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Send lawyers, guns, and money

“I went home with the waitress the way I always do. How was I to know she was with the Russians too?” That was the opening of Warren Zevon’s 1978 rock classic, "Lawyers, Guns and Money," in which an American rich kid asks daddy for legal help, weapons, and cash to bail him out of international crises of his own making.

Zevon’s gonzo verse—written during the Cold War—sounds strangely prescient these days, when Russian spying is a daily news event in the US. But his lyrics are not as shocking as the weekly accounts of Washington corruption, which remind us that the political swamp has been restocked in the last 18 months with ever more primitive life forms. A treasure trove for evolutionary biologists.


Curdled Cream: lessons from Eric Clapton and associates

Cream-Psychedelic-Supermarket-Small I seem to be celebrating a lot of anniversaries this year, but today marks the quinquagenary of the most memorable event of my music career: opening the show for Eric Clapton’s Cream in New Haven, Connecticut, while they were riding high on the success of their Top 10 single, “Sunshine of Your Love.”

As I mentioned in a post ten years ago, my folk-rock band, The Morning, based in New Haven, jumped at the chance to be on the bill with the hottest (and arguably the first) “supergroup” of its day, featuring the most critically acclaimed rock guitarist in the world, Eric “Slowhand” Clapton.

But what I dimly grasped that night became a seminal insight later—and a core pillar of my business consulting today. I witnessed first hand what had been widely reported in the pop music press. Cream was a band riven by conflict. But, more importantly, that dissension was part of what fueled their greatness—as is the case with many creative teams.


When employees quit and stay

sleep-2324347__480 When I was happily employed as a full-time musician many years ago, I noticed the difference between those who played music as if their life depended on it and those who didn’t.

Maybe I was just lucky, but the former description fit nearly all the rock musicians I shared a stage with, from talented local bar bands in NY and LA to concert headliners such as Sly and the Family Stone and The Grateful Dead. These musicians performed and rehearsed with urgency, with something at stake. They weren’t always playing for their livelihood but they always seemed to be playing for their life.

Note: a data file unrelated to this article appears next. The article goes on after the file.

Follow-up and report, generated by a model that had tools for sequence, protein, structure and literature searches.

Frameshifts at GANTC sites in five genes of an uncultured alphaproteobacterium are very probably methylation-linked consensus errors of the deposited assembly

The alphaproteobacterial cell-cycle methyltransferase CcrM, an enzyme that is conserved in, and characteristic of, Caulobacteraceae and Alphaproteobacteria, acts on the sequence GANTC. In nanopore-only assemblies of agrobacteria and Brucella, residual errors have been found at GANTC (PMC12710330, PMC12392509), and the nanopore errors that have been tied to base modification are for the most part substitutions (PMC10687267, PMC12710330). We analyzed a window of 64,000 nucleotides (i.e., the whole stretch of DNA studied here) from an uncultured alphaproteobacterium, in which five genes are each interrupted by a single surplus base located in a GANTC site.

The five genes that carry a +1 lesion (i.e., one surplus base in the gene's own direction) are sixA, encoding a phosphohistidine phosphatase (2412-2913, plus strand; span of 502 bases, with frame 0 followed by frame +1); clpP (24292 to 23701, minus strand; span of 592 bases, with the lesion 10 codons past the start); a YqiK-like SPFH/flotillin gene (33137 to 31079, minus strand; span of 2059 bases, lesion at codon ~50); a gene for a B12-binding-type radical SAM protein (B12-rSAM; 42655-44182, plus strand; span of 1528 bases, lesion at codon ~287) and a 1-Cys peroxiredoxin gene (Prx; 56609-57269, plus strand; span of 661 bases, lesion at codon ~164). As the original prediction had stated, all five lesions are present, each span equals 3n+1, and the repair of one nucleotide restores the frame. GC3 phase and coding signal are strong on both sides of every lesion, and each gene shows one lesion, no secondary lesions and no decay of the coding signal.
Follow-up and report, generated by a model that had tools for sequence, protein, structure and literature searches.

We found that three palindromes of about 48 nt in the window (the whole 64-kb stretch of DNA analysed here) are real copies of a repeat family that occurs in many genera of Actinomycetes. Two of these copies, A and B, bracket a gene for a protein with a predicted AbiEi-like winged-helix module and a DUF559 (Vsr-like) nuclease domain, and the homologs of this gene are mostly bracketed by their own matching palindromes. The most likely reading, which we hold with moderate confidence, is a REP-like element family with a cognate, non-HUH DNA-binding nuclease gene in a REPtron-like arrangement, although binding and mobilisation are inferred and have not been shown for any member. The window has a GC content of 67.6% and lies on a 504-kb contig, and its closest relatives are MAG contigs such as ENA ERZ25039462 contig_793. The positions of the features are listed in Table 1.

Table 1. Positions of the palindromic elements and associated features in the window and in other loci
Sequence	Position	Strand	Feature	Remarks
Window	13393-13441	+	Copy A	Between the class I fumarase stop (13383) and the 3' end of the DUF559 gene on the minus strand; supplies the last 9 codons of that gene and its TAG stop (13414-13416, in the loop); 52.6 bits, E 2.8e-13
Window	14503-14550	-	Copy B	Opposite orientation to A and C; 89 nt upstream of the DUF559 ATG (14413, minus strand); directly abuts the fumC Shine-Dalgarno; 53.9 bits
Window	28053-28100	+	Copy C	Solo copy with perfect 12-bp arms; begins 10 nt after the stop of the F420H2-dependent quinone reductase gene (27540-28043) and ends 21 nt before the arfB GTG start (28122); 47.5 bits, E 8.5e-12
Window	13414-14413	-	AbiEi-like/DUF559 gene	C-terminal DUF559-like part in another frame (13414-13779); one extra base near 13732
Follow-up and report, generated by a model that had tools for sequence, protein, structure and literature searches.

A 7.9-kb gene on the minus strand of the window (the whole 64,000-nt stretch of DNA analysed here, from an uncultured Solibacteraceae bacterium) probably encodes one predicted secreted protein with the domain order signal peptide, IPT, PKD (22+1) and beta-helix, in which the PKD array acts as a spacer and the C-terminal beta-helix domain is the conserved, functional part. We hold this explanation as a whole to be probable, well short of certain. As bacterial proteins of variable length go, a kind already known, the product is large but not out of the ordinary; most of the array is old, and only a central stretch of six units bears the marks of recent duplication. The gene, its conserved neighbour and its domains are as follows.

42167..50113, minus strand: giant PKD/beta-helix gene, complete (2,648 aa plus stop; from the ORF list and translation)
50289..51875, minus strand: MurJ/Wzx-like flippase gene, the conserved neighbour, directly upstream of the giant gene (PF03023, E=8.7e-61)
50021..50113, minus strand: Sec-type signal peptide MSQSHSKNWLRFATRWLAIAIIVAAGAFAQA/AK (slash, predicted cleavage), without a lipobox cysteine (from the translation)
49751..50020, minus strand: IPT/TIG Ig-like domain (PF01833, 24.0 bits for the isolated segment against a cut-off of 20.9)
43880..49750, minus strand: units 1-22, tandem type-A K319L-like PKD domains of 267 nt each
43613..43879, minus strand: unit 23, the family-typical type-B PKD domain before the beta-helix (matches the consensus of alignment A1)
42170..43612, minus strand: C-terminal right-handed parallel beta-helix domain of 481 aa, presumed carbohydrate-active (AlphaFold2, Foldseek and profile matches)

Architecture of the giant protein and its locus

Unfortunately I also knew a few musicians—usually in wedding or "general business" bands—who might actually nod off during a rehearsal or gig! (Just for the record, I have nothing against wedding bands, or even weddings for that matter.) I remember when a leader of a cocktail quartet complained to me about his drummer: “I wish he would just quit.” I could only respond: “I think he did a while ago.”


The greatest pop song of all time

Version 3 I had the recent good fortune to catch Brian Wilson on his 18-month world tour, performing Beach Boys' hits and the entire Pet Sounds album. Wilson is getting on in the years so I wanted to catch him soon, especially since he was doing “God Only Knows” (from Pet Sounds), one of the finest tunes in the American song catalog.

Hearing GOK performed by his 12-piece band—including original Beach Boy Al Jardine—reminded me that the writing and recording of this song provide more than a few lessons in innovation. Especially of the risk-taking variety, which too many of us in business are averse to.

First, some facts. GOK was released in May, 1966, for the Pet Sounds LP and later as the B-side of “Wouldn’t It Be Nice.” That became one of biggest two-sided hits in vinyl history. GOK was written by Brian Wilson and lyricist Tony Asher (probably the finest of Wilson’s many co-writers over the years) and sung by Carl Wilson, Brian’s brother. The recording drew plaudits from a who’s who of top songwriters from Bono to Paul McCartney, who has referred to it as “the greatest song ever written.”

But what made it so unique? What was so game-changing about the song and the recording?


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